As the son of a United States Marine, Jaime Sifers always understood the importance of using his platform to show his support for the military.
So when the Utica Comets became the first-ever pro hockey team to be designated as a Purple Heart Organization, he knew it was a process he wanted to be active with.
“The whole meaning behind the designation is so meaningful around here,” the Comets defenseman said. “The military presence around Utica is huge. The passion behind everyone sitting around the table was amazing to be around.”
Before their game against Hartford on November 9, the Comets received a proclamation establishing the team as a Purple Heart Organization for their continued efforts to honor veterans and active military in the community.
In addition to the fundraising efforts and appearances, the Comets recognize a hometown hero during at every game. Following the game, Sifers carves time out of his night to visit with each honoree.
“They’re the ultimate teammates. They’re putting their lives on the line for people they don’t even know,” he said. “It’s all for the flag and it’s all for the country. Their commitment level is something I respect so much.”
The Adirondack Bank Center at the Utica Memorial Auditorium opened in 1960 and was built as a war memorial arena, dedicated then and maintained now for those who served the country in the armed forces.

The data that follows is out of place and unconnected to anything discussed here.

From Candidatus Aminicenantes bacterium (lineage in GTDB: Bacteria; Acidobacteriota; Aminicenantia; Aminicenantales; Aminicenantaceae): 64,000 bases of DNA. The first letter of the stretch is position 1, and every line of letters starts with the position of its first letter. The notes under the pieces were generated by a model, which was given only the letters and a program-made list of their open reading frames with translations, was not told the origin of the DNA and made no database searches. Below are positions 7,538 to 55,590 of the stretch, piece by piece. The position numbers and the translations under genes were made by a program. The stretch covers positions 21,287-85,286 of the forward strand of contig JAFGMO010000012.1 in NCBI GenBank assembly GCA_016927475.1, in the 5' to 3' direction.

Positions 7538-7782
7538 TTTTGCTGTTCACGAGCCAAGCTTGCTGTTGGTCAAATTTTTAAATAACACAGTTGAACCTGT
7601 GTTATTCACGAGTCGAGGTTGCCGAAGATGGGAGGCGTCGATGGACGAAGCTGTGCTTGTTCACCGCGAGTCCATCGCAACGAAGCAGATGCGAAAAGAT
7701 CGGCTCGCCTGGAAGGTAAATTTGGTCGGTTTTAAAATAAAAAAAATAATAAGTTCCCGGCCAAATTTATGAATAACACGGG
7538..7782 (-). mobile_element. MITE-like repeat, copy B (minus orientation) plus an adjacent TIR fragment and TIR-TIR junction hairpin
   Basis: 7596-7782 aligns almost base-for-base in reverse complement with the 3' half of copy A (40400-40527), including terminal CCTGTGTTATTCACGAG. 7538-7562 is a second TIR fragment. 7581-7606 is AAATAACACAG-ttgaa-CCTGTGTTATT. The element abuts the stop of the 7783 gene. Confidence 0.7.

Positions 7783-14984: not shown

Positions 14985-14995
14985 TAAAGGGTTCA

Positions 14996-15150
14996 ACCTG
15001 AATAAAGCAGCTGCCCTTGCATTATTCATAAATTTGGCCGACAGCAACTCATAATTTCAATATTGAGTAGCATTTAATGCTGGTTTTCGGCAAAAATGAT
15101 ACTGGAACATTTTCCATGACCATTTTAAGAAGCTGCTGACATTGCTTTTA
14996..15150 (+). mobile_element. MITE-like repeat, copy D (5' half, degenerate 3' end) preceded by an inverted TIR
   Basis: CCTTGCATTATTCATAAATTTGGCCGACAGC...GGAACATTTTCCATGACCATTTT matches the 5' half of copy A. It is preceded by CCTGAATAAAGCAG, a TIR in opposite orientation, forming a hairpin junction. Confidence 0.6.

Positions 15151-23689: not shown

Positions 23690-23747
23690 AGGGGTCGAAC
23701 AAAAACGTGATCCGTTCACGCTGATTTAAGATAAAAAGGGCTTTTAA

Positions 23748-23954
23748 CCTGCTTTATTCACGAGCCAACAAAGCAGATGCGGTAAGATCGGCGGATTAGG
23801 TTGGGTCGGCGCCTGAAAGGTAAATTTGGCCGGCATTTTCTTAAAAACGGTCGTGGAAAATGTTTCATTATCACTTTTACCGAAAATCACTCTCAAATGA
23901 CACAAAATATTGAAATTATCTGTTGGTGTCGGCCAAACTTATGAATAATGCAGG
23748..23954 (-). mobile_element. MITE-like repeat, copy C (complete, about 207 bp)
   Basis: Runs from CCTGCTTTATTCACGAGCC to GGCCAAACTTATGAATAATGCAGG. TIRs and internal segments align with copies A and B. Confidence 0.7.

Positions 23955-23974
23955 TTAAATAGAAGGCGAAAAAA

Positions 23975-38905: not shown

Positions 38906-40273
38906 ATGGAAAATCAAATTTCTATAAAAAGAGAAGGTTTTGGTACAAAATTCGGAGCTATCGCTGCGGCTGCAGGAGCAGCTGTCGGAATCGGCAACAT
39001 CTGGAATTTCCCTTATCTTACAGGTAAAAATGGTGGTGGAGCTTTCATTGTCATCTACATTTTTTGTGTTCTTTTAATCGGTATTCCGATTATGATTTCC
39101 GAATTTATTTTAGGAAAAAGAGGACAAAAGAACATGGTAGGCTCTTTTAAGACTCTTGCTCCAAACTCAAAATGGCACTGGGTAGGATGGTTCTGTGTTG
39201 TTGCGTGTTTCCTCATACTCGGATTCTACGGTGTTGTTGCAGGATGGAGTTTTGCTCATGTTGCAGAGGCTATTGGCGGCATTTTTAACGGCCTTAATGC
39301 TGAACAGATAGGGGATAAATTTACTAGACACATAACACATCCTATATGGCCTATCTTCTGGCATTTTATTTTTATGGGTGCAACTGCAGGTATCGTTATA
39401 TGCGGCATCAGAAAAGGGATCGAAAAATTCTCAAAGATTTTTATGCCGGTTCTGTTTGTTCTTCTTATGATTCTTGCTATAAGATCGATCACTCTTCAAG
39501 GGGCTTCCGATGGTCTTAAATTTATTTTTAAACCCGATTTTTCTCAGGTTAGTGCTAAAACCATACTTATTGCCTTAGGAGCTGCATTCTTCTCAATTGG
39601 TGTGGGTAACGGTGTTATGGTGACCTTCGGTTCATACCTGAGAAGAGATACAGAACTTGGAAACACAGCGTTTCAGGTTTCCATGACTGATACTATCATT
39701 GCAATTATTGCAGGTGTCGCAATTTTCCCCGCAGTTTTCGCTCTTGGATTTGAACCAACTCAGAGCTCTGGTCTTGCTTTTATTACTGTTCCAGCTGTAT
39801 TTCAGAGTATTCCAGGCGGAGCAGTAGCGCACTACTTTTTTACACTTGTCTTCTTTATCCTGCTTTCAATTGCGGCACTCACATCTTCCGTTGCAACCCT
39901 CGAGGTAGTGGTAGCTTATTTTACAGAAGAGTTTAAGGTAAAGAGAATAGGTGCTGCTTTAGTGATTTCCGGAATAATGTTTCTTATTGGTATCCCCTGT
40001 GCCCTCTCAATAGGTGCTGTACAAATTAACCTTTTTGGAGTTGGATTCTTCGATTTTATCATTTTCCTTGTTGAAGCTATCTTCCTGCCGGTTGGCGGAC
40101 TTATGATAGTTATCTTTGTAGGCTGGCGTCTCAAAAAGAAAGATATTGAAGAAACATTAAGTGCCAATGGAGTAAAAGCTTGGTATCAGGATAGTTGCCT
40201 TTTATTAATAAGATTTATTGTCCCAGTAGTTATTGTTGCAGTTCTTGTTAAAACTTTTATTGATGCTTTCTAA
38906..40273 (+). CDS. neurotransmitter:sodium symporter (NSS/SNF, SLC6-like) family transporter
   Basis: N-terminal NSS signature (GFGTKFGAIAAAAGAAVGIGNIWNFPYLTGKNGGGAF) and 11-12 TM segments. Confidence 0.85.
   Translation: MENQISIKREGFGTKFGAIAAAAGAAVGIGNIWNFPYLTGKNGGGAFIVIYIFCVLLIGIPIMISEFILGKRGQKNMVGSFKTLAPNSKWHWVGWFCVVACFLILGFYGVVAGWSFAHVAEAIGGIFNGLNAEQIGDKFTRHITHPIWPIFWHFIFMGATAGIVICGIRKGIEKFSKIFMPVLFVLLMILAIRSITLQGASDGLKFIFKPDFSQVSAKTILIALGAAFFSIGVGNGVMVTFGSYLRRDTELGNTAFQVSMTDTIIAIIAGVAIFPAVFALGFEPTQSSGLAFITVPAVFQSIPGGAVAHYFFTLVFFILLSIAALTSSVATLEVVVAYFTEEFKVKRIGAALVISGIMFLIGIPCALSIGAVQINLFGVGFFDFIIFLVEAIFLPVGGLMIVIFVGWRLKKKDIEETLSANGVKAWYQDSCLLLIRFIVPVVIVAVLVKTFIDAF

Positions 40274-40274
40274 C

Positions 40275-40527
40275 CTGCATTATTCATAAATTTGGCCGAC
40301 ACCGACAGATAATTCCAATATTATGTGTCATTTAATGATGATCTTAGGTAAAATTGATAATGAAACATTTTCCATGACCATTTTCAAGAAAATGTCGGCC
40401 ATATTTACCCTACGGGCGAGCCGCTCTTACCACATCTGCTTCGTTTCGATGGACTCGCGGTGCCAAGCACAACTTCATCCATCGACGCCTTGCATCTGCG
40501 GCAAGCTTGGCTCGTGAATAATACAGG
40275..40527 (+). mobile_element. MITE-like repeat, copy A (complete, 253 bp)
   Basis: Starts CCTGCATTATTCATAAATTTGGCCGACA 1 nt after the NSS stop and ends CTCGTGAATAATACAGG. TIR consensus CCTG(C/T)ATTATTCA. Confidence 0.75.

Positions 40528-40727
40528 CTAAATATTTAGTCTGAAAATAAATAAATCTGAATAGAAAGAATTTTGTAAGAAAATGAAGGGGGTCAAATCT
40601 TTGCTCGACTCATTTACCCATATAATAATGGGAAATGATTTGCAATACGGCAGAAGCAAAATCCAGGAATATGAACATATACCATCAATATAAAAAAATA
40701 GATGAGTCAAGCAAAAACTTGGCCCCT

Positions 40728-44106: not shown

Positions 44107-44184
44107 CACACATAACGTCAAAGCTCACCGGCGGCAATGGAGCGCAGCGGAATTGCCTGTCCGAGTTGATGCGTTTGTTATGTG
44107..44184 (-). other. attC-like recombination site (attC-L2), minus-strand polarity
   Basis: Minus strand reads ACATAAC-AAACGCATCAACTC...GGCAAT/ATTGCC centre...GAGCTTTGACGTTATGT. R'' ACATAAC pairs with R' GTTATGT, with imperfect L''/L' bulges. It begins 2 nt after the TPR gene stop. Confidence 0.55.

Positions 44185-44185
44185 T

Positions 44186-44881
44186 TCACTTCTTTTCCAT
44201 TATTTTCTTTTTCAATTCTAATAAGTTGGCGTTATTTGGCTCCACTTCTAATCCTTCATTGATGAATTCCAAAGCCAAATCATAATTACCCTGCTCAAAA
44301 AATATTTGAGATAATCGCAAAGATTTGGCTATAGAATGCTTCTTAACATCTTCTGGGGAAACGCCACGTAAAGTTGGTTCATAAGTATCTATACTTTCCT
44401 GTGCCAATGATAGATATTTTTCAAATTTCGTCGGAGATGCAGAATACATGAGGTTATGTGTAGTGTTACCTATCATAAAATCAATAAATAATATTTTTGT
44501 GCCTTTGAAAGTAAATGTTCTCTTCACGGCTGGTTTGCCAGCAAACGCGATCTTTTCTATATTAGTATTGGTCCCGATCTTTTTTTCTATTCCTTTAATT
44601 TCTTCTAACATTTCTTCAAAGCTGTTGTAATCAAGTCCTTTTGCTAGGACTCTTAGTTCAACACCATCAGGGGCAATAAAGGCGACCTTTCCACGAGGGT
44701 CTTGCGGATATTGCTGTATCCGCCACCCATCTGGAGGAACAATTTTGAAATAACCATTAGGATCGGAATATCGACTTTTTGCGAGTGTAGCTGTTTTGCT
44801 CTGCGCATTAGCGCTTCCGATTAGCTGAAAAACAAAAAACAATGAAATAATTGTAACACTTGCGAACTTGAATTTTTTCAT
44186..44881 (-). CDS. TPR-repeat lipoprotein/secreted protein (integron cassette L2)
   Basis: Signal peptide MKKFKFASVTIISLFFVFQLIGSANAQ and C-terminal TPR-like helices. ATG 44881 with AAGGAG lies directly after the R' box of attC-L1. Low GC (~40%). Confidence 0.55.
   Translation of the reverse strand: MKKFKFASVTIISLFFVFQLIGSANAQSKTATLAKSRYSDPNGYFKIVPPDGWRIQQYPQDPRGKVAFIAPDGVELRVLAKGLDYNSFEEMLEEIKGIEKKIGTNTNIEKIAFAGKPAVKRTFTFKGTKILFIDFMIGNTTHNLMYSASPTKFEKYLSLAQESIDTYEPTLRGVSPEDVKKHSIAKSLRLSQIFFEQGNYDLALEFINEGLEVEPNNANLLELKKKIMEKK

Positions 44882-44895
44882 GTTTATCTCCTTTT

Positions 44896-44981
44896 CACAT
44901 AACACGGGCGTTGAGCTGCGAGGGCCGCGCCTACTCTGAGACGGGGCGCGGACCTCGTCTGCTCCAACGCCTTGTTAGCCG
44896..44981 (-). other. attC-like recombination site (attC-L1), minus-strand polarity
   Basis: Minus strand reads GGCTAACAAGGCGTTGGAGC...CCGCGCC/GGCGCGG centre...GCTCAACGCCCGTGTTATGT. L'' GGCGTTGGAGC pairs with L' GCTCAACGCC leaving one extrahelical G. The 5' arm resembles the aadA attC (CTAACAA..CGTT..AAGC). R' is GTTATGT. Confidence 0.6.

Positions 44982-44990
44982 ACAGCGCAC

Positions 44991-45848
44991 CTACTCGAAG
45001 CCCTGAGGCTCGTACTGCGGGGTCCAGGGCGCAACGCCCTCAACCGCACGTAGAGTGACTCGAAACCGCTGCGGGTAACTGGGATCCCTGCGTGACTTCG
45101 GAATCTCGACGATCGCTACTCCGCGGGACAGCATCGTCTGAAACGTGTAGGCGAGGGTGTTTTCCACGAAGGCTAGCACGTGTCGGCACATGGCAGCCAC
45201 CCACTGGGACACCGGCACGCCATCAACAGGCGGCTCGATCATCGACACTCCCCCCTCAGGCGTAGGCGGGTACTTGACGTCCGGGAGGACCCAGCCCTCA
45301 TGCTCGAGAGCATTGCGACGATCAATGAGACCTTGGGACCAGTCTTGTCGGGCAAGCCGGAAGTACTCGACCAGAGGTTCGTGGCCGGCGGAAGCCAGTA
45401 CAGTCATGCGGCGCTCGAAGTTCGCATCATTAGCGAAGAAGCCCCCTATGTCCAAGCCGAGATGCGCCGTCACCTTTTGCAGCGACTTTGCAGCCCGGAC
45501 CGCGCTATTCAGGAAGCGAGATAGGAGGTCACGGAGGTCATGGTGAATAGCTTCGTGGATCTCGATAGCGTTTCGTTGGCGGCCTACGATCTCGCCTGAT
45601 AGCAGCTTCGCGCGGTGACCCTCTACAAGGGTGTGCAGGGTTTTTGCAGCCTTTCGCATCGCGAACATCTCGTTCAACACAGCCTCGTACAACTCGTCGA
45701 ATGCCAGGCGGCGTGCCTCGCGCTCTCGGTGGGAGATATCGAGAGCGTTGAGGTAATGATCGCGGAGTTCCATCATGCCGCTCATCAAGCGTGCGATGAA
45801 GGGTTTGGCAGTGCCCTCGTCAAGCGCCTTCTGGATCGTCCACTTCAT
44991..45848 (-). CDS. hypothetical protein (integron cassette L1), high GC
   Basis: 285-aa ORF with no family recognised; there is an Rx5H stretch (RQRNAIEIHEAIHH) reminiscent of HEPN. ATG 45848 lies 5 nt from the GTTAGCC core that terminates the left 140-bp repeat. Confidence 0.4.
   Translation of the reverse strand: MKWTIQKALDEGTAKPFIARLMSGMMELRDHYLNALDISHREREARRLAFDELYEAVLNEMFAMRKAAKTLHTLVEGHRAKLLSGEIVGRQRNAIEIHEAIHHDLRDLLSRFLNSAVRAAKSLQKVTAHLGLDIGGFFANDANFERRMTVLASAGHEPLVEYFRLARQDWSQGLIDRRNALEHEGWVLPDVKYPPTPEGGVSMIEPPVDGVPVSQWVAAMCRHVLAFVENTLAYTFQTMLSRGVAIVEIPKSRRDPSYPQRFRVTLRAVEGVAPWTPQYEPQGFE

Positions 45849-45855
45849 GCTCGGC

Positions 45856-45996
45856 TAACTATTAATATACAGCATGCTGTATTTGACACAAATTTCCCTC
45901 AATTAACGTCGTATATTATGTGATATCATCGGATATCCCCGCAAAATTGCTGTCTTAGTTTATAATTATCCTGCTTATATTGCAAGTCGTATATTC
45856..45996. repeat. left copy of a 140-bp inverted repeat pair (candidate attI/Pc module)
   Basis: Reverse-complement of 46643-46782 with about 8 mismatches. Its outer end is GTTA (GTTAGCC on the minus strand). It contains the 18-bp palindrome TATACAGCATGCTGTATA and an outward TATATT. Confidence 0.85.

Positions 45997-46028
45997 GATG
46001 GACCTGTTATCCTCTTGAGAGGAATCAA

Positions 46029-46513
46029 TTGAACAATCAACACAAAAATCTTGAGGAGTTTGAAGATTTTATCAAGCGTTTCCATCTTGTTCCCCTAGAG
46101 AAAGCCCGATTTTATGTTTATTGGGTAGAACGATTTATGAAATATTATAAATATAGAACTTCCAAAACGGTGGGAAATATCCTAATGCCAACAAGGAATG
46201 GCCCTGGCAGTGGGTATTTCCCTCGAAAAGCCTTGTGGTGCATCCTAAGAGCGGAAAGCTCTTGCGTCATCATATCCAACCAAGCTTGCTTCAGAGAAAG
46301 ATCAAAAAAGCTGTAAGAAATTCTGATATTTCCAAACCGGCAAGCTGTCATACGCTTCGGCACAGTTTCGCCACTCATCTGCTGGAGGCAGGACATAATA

“When I first signed here, I did a little research on where I could be moving to,” Sifers said. “It’s a war memorial arena. Right away… chills. There is so much pride in having one be your home rink.”
Sifers has always prioritized giving back to the community. He has twice been nominated for the AHL’s Man of the Year award, and he was the recipient of the Comets’ Thomas M. Lindsey Dedication to the Community Award during the 2017-18 season, which was presented to him by the Utica Police Department.
In his 13th year of pro hockey and at the age of 35, Sifers is the second-oldest player in the AHL. While the intention is to play as long as his body and mind allow him to, he knows that eventually the time to hang up the skates will come. But when hockey is over, he has no intention of slowing down his involvement with local military, wherever he may be.
“We’ve had some discussions amongst friends how I can continue doing this. There’s no way it’s going to stop when my hockey career stops.
“Right now I can’t say exactly what I’m going to be doing. But it won’t be lost.”